The emerging consensus is that Rick Santorum is the biggest threat yet to Mitt Romney. They have similar strengths, like a nice family and victories in blue states, notes Ramesh Ponnuru at Bloomberg View, but Romney has many of Santorum's weaknesses, only weaker. How can Romney portray Santorum as a fan of big government when he created the template for Obamacare? It appears voters increasingly find this argument persuasive. Here's our guide to today's polls and which ones matter.
Findings: Santorum is slightly ahead of Romney nationally, with 30 percent to 27 percent, respectively.
Pollster: CBS News/ New York Times
Methodology: Interviews with 1,064 registered voters who said they'd vote in the Republican primary from February 8 to February 13.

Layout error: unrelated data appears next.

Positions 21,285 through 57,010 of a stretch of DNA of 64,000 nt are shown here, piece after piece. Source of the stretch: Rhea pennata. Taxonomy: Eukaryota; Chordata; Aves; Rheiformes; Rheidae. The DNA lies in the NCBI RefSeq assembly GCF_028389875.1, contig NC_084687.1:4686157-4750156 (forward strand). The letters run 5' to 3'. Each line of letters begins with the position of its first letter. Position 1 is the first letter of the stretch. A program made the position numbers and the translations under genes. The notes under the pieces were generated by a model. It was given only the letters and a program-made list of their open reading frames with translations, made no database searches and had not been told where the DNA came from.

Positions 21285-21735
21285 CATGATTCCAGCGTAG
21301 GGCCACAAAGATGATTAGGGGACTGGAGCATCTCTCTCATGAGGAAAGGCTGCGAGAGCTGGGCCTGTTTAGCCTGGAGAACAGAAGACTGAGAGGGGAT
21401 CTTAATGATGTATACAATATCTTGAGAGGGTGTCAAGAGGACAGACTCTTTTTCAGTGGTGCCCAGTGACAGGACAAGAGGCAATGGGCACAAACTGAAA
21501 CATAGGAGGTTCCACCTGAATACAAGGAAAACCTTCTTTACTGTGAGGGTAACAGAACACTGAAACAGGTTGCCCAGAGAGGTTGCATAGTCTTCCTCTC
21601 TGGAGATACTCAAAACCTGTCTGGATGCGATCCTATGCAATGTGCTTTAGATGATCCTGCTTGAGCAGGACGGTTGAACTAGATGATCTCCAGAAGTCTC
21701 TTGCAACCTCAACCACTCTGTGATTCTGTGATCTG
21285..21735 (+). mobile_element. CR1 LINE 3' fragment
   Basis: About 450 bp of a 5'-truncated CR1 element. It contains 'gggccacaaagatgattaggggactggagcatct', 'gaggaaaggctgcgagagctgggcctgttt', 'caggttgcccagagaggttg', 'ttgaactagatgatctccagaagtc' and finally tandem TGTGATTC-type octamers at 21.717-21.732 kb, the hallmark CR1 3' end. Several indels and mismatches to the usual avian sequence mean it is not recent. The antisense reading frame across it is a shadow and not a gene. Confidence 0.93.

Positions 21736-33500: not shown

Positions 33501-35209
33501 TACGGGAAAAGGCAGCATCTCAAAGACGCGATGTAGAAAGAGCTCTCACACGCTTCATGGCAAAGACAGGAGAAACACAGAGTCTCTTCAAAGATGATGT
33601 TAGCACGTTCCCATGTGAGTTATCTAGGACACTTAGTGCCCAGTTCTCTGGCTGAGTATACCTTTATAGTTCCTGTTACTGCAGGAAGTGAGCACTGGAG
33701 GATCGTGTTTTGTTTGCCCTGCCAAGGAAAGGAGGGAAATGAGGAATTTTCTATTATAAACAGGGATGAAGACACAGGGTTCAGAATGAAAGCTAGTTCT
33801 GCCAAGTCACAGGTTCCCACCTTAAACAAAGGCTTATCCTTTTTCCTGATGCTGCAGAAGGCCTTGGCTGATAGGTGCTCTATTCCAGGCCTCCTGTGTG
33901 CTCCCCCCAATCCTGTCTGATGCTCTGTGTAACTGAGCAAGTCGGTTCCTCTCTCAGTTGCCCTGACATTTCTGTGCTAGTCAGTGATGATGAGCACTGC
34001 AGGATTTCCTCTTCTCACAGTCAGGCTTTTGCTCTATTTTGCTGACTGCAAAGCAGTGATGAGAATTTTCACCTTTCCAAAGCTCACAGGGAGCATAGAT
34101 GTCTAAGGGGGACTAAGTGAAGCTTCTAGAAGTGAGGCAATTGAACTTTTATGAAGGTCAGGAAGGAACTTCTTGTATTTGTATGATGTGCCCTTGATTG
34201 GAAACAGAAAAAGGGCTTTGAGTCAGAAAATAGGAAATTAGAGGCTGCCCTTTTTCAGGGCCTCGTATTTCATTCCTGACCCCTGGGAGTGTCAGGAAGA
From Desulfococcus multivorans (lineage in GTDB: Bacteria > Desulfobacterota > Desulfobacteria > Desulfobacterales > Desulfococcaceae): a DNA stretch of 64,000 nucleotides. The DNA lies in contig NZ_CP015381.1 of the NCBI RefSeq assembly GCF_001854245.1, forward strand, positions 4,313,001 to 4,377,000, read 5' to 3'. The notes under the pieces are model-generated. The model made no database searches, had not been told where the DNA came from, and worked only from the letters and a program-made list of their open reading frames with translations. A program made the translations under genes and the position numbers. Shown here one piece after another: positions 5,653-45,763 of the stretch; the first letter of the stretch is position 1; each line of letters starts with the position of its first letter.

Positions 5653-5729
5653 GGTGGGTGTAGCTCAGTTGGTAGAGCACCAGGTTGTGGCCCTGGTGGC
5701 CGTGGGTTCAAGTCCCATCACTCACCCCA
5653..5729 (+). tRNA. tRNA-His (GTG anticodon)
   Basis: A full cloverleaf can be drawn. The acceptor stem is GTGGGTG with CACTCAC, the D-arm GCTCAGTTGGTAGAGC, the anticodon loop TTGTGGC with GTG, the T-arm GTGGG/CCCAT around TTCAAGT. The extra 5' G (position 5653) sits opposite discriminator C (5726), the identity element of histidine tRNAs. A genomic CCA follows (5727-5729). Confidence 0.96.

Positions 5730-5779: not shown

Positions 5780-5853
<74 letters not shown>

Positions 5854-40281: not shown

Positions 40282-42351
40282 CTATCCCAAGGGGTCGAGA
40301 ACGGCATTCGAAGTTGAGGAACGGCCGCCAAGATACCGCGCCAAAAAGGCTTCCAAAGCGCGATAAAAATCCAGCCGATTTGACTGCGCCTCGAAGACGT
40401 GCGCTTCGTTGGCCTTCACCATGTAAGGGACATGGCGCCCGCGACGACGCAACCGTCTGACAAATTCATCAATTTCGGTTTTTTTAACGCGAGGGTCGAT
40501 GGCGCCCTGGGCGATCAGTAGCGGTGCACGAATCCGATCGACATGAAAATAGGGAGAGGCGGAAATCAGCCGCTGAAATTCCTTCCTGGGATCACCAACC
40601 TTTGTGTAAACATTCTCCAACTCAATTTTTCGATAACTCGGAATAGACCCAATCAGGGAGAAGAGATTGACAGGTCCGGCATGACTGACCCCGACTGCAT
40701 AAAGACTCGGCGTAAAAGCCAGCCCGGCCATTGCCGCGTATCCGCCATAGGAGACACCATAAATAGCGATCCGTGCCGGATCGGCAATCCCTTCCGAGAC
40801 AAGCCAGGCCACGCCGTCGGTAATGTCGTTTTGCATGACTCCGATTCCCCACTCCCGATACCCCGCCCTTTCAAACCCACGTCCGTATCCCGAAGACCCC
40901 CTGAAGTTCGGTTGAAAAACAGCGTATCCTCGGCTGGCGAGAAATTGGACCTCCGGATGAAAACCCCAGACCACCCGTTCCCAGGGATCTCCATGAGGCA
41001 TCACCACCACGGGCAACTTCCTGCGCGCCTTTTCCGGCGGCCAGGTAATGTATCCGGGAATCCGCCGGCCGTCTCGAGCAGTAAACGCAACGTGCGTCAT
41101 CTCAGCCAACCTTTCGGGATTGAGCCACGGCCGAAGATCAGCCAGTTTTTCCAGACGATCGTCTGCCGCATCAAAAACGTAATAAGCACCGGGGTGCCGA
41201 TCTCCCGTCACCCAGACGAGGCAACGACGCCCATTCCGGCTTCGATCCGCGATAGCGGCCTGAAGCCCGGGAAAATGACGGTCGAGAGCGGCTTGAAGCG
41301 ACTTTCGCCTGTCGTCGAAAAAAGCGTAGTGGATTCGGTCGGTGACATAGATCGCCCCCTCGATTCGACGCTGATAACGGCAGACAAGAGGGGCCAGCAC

Why it matters: On Monday, two polls showed Santorum and Romney tied; a third one with Santorum surging shows it's not a fluke. On January 20, Santorum had just 16 percent of the national vote, while Romney had only a teeny bit more than he does now, 28 percent.
Caveat: In this race, the Not Romney leaders haven't lasted very long. Newt Gingrich's support has been cut in half since just before the South Carolina primary.